VP0     VP1         VP$vlr-1

     General    vr0
                vr1                                      Control
    Purpose                                             Registers
                vr31                                    vcr0
                                            $vdw bits   vcr1
      Flag       vf1
    Registers                                           vcr31
                                                                32 bits
      (32)      vf31
                                              1 bit

                                                                    Lec 11.17
                  “Vector” for Multimedia?
     • Intel MMX: 57 additional 80x86 instructions (1st
       since 386)
           – similar to Intel 860, Mot. 88110, HP PA-71000LC, UltraSPARC
     • 3 data types: 8 8-bit, 4 16-bit, 2 32-bit in 64bits
           – reuse 8 FP registers (FP and MMX cannot mix)
     • - short vector: load, add, store 8 8-bit operands


     • Claim: overall speedup 1.5 to 2X for 2D/3D
       graphics, audio, video, speech, comm., ...
           – use in drivers or added to library routines; no compiler
                                                                           Lec 11.18
                      MMX Instructions

           • Move 32b, 64b
           • Add, Subtract in parallel: 8 8b, 4 16b, 2 32b
             – opt. signed/unsigned saturate (set to max) if overflow
           • Shifts (sll,srl, sra), And, And Not, Or, Xor
             in parallel: 8 8b, 4 16b, 2 32b
           • Multiply, Multiply-Add in parallel: 4 16b
           • Compare = , > in parallel: 8 8b, 4 16b, 2 32b
             – sets field to 0s (false) or 1s (true); removes branches
           • Pack/Unpack
             – Convert 32b<–> 16b, 16b <–> 8b
             – Pack saturates (set to max) if number is too large

                                                                           Lec 11.19
                         CS252 Administrivia

   • Exam:              Monday 10/13  Monday 10/20??
                        Location: 277 Cory
                        TIME: 5:30 - 8:30

   • Assignment due Monday 10/20
           – Done in pairs. Put both names on papers.

   • Select Project by Wednesday 10/22
           – Need to have a partner for this. News group/email list?
           – Web site will have a number of suggestions by tonight
           – I am certainly open to other suggestions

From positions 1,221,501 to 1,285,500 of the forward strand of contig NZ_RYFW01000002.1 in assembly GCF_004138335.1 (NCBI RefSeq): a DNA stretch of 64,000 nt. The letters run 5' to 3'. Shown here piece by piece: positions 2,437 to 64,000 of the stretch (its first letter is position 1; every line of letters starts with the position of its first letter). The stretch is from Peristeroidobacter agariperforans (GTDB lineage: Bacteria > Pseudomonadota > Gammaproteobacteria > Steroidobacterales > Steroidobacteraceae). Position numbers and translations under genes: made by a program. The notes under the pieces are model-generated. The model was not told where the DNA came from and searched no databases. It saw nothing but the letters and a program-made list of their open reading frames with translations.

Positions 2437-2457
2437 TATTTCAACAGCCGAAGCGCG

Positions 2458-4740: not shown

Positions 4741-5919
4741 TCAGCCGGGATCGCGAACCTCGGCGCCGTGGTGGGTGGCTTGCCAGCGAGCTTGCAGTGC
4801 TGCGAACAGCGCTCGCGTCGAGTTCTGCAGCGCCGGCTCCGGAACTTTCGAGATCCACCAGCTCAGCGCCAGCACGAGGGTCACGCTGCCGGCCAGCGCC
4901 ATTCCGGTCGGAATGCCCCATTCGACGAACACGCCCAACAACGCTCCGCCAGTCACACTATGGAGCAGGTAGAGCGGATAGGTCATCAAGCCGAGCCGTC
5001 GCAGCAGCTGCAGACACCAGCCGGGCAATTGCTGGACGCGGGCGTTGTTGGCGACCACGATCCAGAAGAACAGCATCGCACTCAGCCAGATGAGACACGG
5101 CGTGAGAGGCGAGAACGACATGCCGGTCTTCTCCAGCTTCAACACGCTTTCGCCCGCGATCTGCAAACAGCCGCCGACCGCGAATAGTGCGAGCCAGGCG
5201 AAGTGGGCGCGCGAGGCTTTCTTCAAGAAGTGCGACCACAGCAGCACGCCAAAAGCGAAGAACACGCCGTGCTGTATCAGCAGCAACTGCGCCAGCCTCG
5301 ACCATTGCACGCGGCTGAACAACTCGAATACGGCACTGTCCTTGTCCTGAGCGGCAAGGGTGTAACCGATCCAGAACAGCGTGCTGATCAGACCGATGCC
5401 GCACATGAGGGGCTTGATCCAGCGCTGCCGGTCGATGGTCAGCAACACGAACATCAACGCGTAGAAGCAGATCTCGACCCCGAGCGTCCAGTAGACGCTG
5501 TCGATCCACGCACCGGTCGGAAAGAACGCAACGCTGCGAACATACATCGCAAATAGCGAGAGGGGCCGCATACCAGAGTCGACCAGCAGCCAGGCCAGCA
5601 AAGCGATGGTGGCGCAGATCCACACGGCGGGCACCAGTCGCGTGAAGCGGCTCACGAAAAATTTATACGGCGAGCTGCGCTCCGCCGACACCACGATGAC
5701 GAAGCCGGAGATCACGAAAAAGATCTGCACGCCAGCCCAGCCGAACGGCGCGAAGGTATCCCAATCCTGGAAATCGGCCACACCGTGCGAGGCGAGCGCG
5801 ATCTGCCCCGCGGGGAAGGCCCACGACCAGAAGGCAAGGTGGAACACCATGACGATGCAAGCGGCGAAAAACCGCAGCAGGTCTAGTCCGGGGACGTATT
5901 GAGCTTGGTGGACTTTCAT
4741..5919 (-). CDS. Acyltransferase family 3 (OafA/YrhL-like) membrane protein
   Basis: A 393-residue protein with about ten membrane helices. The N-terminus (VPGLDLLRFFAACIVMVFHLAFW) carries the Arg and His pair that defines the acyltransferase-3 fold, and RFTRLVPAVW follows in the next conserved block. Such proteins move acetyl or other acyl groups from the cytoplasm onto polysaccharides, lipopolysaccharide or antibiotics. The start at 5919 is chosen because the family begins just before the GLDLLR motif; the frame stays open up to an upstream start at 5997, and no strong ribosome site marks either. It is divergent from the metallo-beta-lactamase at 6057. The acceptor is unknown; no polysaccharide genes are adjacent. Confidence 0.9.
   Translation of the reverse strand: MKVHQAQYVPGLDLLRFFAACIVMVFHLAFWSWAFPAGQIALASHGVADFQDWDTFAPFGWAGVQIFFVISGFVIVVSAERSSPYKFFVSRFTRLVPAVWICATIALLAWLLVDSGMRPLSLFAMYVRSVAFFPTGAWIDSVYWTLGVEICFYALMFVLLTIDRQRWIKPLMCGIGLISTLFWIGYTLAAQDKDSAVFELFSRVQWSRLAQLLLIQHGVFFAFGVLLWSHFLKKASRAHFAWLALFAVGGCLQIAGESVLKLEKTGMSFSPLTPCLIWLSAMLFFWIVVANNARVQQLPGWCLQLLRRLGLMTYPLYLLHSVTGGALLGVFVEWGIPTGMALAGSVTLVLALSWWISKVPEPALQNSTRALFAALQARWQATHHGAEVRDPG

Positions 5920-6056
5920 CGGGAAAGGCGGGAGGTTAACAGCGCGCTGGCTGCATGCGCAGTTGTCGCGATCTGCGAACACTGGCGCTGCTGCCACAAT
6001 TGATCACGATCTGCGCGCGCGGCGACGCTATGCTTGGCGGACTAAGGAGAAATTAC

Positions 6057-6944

» make one project fit two classes?
               » Something close to your research?

                                                                          Lec 11.20
                     Problem: “Fetch” unit
                        Stream of Instructions
                             To Execute
           Instruction Fetch                     Out-Of-Order
                 with                             Execution
           Branch Prediction                         Unit

                               Correctness Feedback
                                On Branch Results

    • Instruction fetch decoupled from execution
    • Often issue logic (+ rename) included with Fetch
                                                                   Lec 11.21
                Branches must be resolved
                 quickly for loop overlap!
  • In our loop-unrolling example, we relied on the fact that branches
    were under control of “fast” integer unit in order to get overlap!

      Loop:          LD             F0     0       R1
                     MULTD          F4     F0      F2
                     SD             F4     0       R1
                     SUBI           R1     R1      #8
                     BNEZ           R1     Loop
  • What happens if branch depends on result of multd??
           – We completely lose all of our advantages!
           – Need to be able to “predict” branch outcome.
           – If we were to predict that branch was taken, this would be
             right most of the time.
  • Problem much worse for superscalar machines!

                                                                     Lec 11.22
              Branches, Dependencies, Data
    • Prediction has become essential to getting good
      performance from scalar instruction streams.
    • We will discuss predicting branches. However,
      architects are now predicting everything:
      data dependencies, actual data, and results of
       groups of instructions:
           – At what point does computation become a probabilistic operation +